US AIRLINE INCIDENT: A Nigerian man who said he was an agent for al-Qaida tried to ignite a bomb on a flight from Amsterdam to the U.S. city of Detroit Friday. Passengers say they heard a loud pop and then saw smoke when the suspect, 23-year-old Umar Farouk Abdul Mutallab, unsuccessfully tried to detonate the explosive shortly before the plane began its descent. He was immediately subdued by other passengers and crew. Reports say Mutallab taped powder to his legs and had a syringe filled with liquid to mix with the powder and create the explosion.
TSUNAMI ANNIVERSARY: People across Asia paused Saturday to observe the fifth anniversary of
the devastating earthquake and tsunami in 2004 that killed up to
230,000 people in about a dozen countries.
The devastating December 26 tsunami destroyed entire coastal
communities, decimated families and crashed over tourist-filled
beaches, sweeping away everyone and everything in its path.
Brief memorials were held in mosques throughout the region, beside mass
graves, and at seaside resorts and communities on the rim of the Indian
IRAN: Fierce clashes are being reported in Iran between government forces and
Reformist Web sites say the skirmishes broke out Saturday in central
Tehran. One Web site (Rah-e-Sabz)
says riot police and other government forces confronted protesters in
the streets and began smashing the windows of honking cars.
A separate Web site (Jaras) reports riot police have fired canisters of
tear gas to disperse the crowd but that the violence is spreading.
Reformists have recently been staging protests to coincide with public
ISRAEL - PALESTINIANS: Israeli forces have stormed the West Bank town of Nablus, killing three
men suspected of killing an Israeli settler.
An Israeli military spokeswoman says Israeli soldiers surrounded the
homes of the three men early Saturday morning, and went in after the
men refused to surrender.
She says at least one of the men was armed.
Palestinian officials say the men were members of Palestinian President
Mahmoud Abbas' Fatah movement and that all three had previously been
disarmed by Palestinian security forces.
Palestinian medics also say the wife of one of the men was wounded in
AFGHANISTAN: NATO officials in Afghanistan say a heavily armed Taliban commander sought refuge in a mosque before starting a shootout that led to his death. NATO says international and Afghan forces tracked down the militant commander to a compound (just outside the town of Pirdad) in Wardak Saturday. When the joint NATO-Afghan forces approached, the commander fled to a nearby mosque, refused to surrender and eventually opened fire. The officials say he was armed with grenades and hundreds of rounds of ammunition.
NOKOR - US ACTIVIST: Human rights activists say an American Christian missionary crossed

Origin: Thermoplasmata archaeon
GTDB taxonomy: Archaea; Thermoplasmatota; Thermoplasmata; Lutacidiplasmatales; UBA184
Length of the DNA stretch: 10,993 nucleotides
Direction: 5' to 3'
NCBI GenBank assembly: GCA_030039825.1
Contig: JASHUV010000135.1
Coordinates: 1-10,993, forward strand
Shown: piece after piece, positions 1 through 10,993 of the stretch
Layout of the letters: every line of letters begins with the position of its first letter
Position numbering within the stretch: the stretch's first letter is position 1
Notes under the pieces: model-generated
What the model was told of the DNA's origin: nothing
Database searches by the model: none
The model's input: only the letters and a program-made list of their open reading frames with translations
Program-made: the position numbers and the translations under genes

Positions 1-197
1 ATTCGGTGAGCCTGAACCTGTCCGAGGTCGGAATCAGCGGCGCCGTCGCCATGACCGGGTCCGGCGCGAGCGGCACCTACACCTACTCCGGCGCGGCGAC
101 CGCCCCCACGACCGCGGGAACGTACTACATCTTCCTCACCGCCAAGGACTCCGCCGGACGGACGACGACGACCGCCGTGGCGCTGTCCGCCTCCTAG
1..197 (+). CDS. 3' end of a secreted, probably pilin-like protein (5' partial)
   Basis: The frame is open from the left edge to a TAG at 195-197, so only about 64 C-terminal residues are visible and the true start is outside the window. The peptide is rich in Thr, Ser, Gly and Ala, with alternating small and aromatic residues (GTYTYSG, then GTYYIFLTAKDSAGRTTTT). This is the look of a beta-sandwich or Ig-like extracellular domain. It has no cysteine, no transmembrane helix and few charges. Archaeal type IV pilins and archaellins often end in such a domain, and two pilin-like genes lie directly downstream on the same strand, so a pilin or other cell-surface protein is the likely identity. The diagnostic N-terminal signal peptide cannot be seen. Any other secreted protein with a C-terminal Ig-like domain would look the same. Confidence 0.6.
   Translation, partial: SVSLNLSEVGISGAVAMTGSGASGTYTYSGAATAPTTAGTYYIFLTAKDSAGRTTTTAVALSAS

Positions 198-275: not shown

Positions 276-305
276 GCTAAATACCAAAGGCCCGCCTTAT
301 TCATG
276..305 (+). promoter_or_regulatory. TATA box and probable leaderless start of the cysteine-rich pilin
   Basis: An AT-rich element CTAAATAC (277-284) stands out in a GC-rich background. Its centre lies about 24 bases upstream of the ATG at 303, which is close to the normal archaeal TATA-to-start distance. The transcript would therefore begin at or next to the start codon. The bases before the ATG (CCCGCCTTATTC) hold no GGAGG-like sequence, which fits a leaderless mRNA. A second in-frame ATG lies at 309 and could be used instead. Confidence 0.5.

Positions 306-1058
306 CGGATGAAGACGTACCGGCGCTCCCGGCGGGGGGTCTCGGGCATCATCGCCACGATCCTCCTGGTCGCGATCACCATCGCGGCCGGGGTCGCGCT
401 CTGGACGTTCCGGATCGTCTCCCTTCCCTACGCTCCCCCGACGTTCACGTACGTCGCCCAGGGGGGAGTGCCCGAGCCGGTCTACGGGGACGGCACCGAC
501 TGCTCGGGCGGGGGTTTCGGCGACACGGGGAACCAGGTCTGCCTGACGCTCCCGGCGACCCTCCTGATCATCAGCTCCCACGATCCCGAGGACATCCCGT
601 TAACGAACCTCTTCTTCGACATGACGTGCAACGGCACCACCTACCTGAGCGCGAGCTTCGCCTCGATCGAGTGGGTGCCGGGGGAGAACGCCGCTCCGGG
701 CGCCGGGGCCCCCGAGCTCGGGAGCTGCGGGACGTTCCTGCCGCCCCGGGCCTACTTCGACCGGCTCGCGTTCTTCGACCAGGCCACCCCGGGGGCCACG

into North Korea Friday to urge leader Kim Jong Il to repent.
The activists said Saturday that Robert Park crossed into North Korea
from China Friday, carrying a letter urging the North Korean leader to
release political prisoners, shut down the concentration camps where
they are held, and open the borders to allow aid teams to enter.
South Korea and Western governments say North Korea maintains a network
of political prisons holding tens of thousands of prisoners. Pyongyang
denies the charges.
THAILAND - HMONG: Thailand's government says it will go ahead with a plan to send thousands of ethnic Hmong asylum-seekers back to Laos despite more calls to drop the project. Thai government officials rejected repeated criticism they have been receiving since announcing 4,000 migrants would be sent home to Laos before the end of the year. Thai Prime Minister Abhisit Vejjajiva said Friday everything will be done so the repatriation is successful. The United States, the United Nations and human rights groups Thursday urged Thailand to cancel the repatriation, saying the ethnic Hmong would face persecution in Laos. The Laotian government has denied the Hmong will face reprisals.
VIETNAM - CHINA DRUGS: Vietnamese media reported Saturday that a court has sentenced five Chinese men to death for trafficking nearly eight tons of hashish destined for Canada. The Vietnam News Agency said the five, from mainland China, Hong Kong and Macau, were found guilty Friday of smuggling the marijuana and nearly 20,000 pairs of jeans into the country from Pakistan. The defendants, aged between 42 and 57, were arrested in May of 2008. They were also charged with smuggling more than $180,000 in cash. Vietnam has some of the toughest drug trafficking laws in the world.
Listen to our World News for details.